In light of the recent password hacks in the past few months, days and in particular the high amount of media coverage on the “iCloud” hack. I thought I’d put down a few thoughts on password security. I think one can lecture or write for days on password security and they are even specialists and companies whose entire focus is nothing but security. That said this is simply a quick set of 10 tips from me that will hopefully help you better protect your passwords in the cloud and on the web. Some are common sense, most are well lesson’s learned from experience.

1. Use a hard password.

  • Don’t make a password that contains the word Password, or any version. EVER! P@55w0rd! will never be a safe password to use. So don’t pat yourself on the back at your cleverness…
  • Don’t use your real name
  • Try to avoid using the same repeating set of characters (1111, 2222, 1212, 0000)
  • Try to avoid using a straight sequence of numbers. 1234…

2. Make it at least 8 characters long.

Let’s be honest, if someone wants something bad enough, all they need is enough processing power and enough time.

If you’re being chased by a lion and were trying to throw random crates between you and lion, wouldn’t it make sense to put more crates between you and the lion? The more characters the longer it takes to brute force a password. And if you’re website login application is any good at all it will lock your account out for a set amount of time after a limited number of failed tries. This would normally discourage the hacker from continuing to try and the system effectively says I’m not letting you in even if you have the correct password now. (Nanny nanny boo boo, or something like that). Hopefully if send you an email letting you know that your account has been locked out for too many incorrect password tries and give you an option to reset it or contact an administrator, and this is a good thing. (Unless your email password has already been compromised, see Tip 9.)

3. Make it complex.

  • Use Upper case, lower case, numbers and special characters.

Don’t be scared to try the special sauce.

I’m going to go out on a limb and say most… hopefully most… most decent websites should properly escape their code so you should be able to use an ” or ‘ in your password without worrying about it blowing up your login page. If it’s never happened to you, then just move along. But some of you know what I’m talking about.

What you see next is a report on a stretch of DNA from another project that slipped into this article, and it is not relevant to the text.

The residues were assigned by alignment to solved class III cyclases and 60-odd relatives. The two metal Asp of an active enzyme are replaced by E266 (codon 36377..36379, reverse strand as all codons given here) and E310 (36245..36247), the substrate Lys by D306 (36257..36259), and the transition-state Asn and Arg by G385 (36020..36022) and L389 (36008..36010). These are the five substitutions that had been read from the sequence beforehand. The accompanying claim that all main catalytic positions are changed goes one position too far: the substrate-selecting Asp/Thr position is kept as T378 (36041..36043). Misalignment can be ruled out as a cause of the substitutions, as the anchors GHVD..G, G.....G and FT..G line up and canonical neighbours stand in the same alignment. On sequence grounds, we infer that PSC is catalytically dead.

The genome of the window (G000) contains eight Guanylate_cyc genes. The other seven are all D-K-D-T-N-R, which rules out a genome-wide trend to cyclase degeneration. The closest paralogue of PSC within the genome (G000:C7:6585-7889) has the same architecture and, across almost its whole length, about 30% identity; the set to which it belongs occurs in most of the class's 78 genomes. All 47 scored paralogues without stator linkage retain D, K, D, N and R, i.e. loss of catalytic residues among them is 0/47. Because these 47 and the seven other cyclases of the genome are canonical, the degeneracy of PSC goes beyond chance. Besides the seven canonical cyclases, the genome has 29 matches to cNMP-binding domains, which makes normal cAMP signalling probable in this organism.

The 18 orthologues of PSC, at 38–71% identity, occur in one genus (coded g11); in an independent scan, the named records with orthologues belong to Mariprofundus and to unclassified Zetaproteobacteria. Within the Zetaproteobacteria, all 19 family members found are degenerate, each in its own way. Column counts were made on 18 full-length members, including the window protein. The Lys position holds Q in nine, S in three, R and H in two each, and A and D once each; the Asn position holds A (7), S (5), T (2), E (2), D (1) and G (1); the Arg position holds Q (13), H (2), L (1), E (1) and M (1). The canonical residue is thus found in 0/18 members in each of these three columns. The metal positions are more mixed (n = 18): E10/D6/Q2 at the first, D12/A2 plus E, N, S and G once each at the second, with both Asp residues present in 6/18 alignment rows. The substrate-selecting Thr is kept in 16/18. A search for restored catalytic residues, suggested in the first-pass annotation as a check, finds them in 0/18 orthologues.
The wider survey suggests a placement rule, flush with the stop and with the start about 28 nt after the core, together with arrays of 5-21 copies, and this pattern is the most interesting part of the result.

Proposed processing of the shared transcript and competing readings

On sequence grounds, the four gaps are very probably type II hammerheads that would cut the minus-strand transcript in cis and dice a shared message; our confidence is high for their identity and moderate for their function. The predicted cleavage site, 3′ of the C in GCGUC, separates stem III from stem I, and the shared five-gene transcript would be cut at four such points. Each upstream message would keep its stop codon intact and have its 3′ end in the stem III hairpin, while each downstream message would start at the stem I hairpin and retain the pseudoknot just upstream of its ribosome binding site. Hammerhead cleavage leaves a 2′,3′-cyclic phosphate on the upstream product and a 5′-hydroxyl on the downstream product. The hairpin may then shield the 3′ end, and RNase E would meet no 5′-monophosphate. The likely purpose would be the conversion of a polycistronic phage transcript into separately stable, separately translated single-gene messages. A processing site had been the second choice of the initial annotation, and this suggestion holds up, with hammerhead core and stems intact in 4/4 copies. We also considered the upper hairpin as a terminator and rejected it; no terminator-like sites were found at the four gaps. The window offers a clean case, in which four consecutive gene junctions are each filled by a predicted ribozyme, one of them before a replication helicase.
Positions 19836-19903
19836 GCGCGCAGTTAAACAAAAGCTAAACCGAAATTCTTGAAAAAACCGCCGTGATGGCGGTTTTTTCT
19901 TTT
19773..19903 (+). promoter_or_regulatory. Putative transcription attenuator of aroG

` ~ ! @ # $ % ^ & * ( ) _ – + = { } [ ] \ | : ; ” ‘ < > , . ? /

4. Throw some space up in there!

  • Seriouslythrowsomespaceinthatpassword.

Or at least give it try. Imagine HeyYouGuys vs Hey You Guys. It gives you some additional options when coming up with great passwords.

5. Making it meaningful!

Maybe you can’t remember Cryptic randomly generated characters and letters. Try something a meaningful word or phrase. but be sure and don’t make it easy to guess.

  • Hello2U!  – this one is meaningful but Hello is just too easy to guess since it’s a dictionary word. Try changing the letters to something like this instead. H3ll0 2 U!  (Don’t forget to throw some space in it!)

6. Build your password Using Sentences/Phrases.

I bought a replacement Goldfish on the 15th of May! could look something like this Ib@rGot1505!

My happy day is 25 December! Mhdi25-12!


My birthday is December 25th 1959. = Mbi122559
Why you may ask? because your birthday is a common piece of information that a hacker is probably already going to try. It would just be unwise to give them a helping hand in cracking the rest of your password.

7. Change your password frequently.

I can hear the groans and pained sighs right now. (mainly because it’s me). I know I know it’s hard enough to remember your passwords, but now you want me to change it once a year too? Actually I’d recommend changing it every  60 or  90 days. Is that too much? All cards on the table, if you have a lot of sites you use, this could be a bit of a task, but you’ve gotta think privacy versus convenience in this case. Maybe you don’t need to change the password to your Bass Players Ultimate website, but I’m thinking the really personal stuff like banking sites, social sites and email are paramount.

If you work in the enterprise, there’s no greater joy than changing your password on Friday before going home, then hoping to remember it Monday morning. But it’s just part of the game. And you really need to incorporate this into your passwords used as home as well. Suppose your password happens to get compromised and gets added to spreadsheet of compromised usernames and passwords. Later on that data is sold on the black market. (They Do Exist) Wouldn’t it be nice to know that your password in that spreadsheet has been changed or will soon be changed by the time that spreadsheet gets into the hands of a bored hacker, devious criminal, or someone looking for a new identity?